The New York State Office of Mental Health selected 19 Delivery System Reform Incentive Program clinics to participate in a year-long learning network where clinics are encouraged to build relationships and learn from one another throughout training from the AIMS Center and Qualis Health.
This project examined depression care and clinical outcomes for perinatal women treated in clinics serving racially diverse low-income populations.
Poor mental health is a major public health issue that robs millions of people of their chance to lead healthy and productive lives. Depression alone doubles overall healthcare costs, worsens other medical conditions, and results in a staggering loss of productivity at work. In underserved rural areas in the WWAMI (Washington, Wyoming, Alaska, Montana and Idaho) region, a severe shortage of mental health providers compounds these problems.
MHIP helps low income or safety net populations throughout the state of Washington by integrating high quality mental health treatment into primary care settings using Collaborative Care.
COMPASS is a collaborative care model designed to treat patients in primary care experiencing depression as well as diabetes and/or cardiovascular disease.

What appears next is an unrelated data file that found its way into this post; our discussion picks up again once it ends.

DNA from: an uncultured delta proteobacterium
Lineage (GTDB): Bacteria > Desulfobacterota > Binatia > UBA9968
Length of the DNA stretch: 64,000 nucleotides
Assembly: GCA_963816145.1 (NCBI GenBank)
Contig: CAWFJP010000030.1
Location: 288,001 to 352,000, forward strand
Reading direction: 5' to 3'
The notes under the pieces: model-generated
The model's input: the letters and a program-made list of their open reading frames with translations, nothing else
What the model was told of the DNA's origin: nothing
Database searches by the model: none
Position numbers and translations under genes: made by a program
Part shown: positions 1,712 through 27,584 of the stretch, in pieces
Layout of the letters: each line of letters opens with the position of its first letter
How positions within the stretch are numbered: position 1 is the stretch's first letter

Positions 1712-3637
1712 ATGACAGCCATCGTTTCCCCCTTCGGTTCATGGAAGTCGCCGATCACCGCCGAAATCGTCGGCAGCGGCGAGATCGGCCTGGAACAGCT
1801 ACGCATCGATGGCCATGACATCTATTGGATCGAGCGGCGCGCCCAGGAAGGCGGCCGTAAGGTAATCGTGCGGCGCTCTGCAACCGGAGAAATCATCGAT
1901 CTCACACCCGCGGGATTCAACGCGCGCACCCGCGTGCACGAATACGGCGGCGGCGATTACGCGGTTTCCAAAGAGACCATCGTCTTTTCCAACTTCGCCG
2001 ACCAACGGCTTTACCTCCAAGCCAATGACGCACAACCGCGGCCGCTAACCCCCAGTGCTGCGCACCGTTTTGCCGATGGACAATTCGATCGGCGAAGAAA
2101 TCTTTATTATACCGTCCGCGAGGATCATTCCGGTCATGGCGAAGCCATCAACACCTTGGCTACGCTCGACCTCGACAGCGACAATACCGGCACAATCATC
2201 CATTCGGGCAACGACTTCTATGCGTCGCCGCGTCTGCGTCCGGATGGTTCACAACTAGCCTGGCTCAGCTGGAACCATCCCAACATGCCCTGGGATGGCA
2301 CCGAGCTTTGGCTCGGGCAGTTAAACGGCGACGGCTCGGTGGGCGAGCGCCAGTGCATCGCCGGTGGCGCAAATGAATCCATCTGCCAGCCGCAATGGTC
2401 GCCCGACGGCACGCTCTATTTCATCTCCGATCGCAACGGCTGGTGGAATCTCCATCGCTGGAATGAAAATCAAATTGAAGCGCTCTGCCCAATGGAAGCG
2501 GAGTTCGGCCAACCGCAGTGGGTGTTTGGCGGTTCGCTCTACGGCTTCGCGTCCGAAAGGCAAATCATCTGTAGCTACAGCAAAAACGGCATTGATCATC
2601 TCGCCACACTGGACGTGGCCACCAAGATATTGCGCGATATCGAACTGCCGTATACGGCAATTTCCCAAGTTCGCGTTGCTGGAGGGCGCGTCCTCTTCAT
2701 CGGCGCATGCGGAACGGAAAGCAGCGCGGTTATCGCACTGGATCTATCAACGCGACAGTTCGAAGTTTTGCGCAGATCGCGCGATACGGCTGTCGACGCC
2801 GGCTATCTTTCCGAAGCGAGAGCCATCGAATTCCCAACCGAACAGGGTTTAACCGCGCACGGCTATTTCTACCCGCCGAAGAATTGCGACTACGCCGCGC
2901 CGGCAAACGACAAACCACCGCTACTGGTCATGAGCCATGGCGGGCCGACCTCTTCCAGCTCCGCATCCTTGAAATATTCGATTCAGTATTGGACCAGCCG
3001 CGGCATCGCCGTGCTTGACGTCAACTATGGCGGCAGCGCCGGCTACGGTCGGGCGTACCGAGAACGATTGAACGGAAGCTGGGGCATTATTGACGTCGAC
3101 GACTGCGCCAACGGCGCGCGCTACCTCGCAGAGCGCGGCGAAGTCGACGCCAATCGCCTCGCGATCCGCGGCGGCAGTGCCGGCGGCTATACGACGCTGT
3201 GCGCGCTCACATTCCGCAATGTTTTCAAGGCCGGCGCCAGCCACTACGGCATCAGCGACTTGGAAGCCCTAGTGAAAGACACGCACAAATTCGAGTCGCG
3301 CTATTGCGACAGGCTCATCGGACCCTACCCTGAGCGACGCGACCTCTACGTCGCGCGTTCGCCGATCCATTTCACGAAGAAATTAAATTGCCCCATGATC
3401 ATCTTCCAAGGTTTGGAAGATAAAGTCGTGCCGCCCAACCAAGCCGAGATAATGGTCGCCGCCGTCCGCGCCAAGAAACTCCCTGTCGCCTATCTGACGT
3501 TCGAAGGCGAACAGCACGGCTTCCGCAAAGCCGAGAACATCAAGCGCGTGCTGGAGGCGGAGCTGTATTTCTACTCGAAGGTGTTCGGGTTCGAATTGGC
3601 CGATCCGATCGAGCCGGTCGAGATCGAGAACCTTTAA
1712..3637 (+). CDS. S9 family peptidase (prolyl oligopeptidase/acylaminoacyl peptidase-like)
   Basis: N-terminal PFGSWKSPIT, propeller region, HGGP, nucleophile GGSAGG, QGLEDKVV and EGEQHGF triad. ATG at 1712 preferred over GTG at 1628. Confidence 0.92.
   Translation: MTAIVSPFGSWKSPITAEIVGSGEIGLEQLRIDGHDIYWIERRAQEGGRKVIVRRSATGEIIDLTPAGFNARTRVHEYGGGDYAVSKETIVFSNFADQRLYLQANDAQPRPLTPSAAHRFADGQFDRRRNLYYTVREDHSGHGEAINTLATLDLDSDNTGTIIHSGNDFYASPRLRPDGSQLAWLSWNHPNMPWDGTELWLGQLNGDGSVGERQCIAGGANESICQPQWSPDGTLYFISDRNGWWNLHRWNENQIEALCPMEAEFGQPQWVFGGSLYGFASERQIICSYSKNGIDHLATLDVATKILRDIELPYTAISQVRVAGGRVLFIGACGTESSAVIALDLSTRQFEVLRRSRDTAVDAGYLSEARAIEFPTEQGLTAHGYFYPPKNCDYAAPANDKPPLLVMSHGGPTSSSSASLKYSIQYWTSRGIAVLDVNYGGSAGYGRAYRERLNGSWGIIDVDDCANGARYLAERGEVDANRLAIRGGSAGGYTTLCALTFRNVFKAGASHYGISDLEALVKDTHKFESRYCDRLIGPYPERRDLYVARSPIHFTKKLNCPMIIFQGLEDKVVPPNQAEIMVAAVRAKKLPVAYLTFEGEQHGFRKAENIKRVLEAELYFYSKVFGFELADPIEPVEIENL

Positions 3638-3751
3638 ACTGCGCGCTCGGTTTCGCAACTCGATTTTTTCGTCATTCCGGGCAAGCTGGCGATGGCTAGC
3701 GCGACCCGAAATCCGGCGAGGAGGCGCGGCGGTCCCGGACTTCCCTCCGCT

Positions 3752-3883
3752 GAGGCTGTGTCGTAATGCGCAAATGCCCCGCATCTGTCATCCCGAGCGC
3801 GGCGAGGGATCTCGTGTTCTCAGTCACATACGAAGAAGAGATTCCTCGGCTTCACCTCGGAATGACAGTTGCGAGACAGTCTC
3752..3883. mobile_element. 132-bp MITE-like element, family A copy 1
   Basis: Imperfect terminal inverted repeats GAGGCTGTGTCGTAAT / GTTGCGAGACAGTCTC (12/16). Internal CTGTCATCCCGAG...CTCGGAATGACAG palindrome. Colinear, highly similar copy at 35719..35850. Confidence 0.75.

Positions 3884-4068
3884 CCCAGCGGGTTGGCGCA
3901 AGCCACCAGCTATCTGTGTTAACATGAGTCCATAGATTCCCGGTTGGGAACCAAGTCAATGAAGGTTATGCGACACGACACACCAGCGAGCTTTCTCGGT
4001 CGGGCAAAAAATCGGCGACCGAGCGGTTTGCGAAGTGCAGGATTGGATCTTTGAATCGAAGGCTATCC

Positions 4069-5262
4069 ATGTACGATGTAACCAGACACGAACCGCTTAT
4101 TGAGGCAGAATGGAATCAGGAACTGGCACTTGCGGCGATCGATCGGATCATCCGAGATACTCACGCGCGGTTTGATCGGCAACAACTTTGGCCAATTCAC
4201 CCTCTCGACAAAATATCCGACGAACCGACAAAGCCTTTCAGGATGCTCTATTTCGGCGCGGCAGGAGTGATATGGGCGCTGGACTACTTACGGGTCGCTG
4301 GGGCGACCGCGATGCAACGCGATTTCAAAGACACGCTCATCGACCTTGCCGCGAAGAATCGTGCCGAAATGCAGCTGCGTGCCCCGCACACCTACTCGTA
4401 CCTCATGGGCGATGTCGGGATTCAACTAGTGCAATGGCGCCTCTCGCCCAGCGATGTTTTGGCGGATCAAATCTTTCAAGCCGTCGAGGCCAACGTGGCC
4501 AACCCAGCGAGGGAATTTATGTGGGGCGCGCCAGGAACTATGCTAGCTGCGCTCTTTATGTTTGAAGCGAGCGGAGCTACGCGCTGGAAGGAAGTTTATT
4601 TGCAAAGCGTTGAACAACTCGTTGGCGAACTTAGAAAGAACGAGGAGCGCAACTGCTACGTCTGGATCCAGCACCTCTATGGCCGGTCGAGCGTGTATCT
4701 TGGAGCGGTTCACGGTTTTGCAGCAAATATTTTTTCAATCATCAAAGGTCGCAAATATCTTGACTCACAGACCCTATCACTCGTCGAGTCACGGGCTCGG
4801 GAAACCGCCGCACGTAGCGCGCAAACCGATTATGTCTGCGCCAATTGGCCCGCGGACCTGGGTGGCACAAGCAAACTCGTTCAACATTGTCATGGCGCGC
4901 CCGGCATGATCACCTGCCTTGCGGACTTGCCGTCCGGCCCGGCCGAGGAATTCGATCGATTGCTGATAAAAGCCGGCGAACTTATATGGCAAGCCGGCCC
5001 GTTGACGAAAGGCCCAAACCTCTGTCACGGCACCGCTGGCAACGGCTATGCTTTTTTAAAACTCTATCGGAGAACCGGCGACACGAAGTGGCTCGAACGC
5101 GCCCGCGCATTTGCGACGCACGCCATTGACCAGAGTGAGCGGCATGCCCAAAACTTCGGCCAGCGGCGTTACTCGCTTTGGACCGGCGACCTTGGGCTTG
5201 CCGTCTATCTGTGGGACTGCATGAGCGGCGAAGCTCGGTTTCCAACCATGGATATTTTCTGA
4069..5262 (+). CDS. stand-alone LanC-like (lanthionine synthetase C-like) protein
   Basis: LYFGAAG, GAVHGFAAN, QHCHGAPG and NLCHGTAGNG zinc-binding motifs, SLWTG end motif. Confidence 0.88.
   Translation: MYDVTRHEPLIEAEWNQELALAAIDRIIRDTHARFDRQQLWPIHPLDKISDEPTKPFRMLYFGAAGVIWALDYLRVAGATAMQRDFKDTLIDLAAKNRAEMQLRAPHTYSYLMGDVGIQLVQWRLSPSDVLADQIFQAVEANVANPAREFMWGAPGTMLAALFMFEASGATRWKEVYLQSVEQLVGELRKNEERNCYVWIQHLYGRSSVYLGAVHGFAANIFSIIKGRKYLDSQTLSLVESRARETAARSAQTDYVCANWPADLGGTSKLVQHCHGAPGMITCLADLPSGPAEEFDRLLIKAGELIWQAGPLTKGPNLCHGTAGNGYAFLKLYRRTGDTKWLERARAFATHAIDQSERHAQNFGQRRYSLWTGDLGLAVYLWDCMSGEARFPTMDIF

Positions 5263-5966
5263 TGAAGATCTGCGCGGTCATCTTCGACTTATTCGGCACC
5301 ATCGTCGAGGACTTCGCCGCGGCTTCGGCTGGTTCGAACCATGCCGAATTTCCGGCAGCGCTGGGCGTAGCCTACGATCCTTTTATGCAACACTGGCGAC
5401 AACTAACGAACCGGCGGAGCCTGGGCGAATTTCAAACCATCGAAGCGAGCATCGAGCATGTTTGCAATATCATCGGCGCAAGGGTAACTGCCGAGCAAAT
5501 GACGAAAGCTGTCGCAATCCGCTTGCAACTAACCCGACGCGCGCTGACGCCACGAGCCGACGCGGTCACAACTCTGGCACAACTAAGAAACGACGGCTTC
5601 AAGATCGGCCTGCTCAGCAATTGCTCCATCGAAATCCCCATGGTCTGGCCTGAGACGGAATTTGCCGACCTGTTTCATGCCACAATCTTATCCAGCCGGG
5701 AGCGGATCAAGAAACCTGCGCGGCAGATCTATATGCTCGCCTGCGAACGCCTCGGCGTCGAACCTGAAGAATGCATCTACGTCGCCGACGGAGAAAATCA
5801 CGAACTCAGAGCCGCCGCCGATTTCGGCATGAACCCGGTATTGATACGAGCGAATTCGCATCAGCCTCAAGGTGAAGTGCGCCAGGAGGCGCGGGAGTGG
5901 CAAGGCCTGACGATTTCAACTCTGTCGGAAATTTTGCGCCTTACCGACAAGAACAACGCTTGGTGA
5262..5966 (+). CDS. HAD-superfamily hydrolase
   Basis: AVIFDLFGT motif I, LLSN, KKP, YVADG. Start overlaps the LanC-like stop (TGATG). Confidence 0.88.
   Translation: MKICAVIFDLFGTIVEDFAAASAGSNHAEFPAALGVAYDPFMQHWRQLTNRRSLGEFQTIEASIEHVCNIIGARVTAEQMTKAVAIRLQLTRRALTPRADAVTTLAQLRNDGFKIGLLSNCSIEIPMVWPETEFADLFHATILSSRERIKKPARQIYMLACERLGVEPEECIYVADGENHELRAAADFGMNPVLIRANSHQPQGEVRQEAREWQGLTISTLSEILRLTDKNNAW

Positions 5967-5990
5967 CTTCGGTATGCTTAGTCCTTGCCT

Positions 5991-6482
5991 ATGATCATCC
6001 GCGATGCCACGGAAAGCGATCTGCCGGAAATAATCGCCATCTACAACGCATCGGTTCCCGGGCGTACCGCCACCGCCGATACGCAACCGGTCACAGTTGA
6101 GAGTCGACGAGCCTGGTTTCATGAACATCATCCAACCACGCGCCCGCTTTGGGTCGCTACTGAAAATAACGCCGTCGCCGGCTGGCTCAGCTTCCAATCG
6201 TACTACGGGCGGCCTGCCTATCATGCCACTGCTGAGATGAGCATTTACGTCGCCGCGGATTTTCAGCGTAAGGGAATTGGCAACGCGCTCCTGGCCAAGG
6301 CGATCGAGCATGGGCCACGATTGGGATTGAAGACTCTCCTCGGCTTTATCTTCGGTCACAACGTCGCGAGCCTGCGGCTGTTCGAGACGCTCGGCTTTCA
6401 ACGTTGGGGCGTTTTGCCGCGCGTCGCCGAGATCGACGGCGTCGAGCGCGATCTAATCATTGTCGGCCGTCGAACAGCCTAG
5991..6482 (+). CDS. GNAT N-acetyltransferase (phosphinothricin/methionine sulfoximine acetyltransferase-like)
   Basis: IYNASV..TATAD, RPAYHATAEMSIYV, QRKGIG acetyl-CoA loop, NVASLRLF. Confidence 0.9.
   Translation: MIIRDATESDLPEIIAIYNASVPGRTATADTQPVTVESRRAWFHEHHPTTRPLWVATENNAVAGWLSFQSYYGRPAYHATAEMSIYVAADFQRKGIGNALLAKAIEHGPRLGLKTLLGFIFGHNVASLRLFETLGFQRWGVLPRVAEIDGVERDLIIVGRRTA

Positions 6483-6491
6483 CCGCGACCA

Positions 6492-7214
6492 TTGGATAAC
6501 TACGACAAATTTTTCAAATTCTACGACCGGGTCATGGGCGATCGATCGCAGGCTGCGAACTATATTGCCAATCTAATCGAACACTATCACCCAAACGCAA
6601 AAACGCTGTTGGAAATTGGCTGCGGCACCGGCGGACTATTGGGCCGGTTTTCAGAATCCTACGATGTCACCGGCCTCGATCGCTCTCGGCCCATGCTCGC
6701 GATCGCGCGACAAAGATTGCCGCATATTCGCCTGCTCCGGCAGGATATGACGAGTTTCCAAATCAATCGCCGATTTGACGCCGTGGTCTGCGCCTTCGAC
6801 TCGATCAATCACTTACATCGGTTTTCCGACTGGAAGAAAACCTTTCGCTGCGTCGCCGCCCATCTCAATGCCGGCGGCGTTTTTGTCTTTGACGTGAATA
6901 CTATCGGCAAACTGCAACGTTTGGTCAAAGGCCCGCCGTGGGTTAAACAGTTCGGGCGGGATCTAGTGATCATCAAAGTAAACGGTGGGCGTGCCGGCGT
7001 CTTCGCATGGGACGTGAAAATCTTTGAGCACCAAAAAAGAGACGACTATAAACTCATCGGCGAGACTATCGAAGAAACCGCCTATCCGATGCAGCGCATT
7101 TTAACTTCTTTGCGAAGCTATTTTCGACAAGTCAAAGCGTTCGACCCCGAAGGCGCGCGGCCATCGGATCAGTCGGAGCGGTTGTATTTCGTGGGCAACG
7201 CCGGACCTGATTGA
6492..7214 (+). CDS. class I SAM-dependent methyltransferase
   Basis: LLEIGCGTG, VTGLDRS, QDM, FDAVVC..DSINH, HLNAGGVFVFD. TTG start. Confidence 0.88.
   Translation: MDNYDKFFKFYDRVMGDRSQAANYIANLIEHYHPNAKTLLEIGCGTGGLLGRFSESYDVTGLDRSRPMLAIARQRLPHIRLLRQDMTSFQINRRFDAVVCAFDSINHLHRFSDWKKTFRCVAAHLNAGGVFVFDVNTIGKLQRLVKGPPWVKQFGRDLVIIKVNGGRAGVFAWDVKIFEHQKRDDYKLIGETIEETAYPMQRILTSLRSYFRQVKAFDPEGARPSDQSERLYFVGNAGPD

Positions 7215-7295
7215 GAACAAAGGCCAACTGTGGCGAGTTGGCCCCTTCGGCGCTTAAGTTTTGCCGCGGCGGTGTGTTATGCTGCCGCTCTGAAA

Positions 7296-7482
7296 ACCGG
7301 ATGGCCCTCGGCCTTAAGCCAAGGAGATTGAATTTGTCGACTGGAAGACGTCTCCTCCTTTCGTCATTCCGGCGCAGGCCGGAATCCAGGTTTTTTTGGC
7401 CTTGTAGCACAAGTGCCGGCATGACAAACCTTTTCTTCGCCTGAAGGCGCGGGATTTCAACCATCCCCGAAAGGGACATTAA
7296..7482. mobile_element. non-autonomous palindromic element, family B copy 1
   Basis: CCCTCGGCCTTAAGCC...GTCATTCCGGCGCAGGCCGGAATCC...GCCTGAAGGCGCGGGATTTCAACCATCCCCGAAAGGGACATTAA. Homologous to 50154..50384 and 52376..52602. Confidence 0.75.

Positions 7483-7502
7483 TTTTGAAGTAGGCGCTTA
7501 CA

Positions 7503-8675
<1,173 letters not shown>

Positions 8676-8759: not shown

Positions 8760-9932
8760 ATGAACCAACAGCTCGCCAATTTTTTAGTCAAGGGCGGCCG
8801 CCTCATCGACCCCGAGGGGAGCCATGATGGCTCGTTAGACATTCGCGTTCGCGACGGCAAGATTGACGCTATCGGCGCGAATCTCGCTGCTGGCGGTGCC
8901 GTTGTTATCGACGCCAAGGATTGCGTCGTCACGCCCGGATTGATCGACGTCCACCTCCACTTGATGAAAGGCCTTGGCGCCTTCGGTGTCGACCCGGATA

HRSA and NIMH contracted with the AIMS Center to train and support 11 nurse-led safety-net clinics throughout the US as they implemented Collaborative Care.
Stay Connected is a prevention intervention for older adults experiencing stress, loneliness, or depression symptoms due to increased isolation in the COVID-19 pandemic. Funding to test and implement the intervention has come from the Archstone Foundation, NIMH, and the City of Seattle.
The research project “Using Technology to Optimize Collaborative Care Management of Depression in Urban and Rural Cancer Centers” will develop, build, and test a web & mobile platform to enhance the implementation and fidelity of CoCM of depression for patients being treated at 2 urban and 2 rural cancer centers.
The Collaborative Care Medicaid Program (CCMP) is a program helping clinics in New York to fully integrate behavioral health screening and treatment into primary care settings and to provide reimbursement for those services.
CHAMP (Collaborating to Heal Opioid Addiction and Mental Health in Primary Care) is a NIMH-funded research study testing whether Collaborative Care that addresses both mental health conditions and co-occurring opioid use disorder can improve patient lives.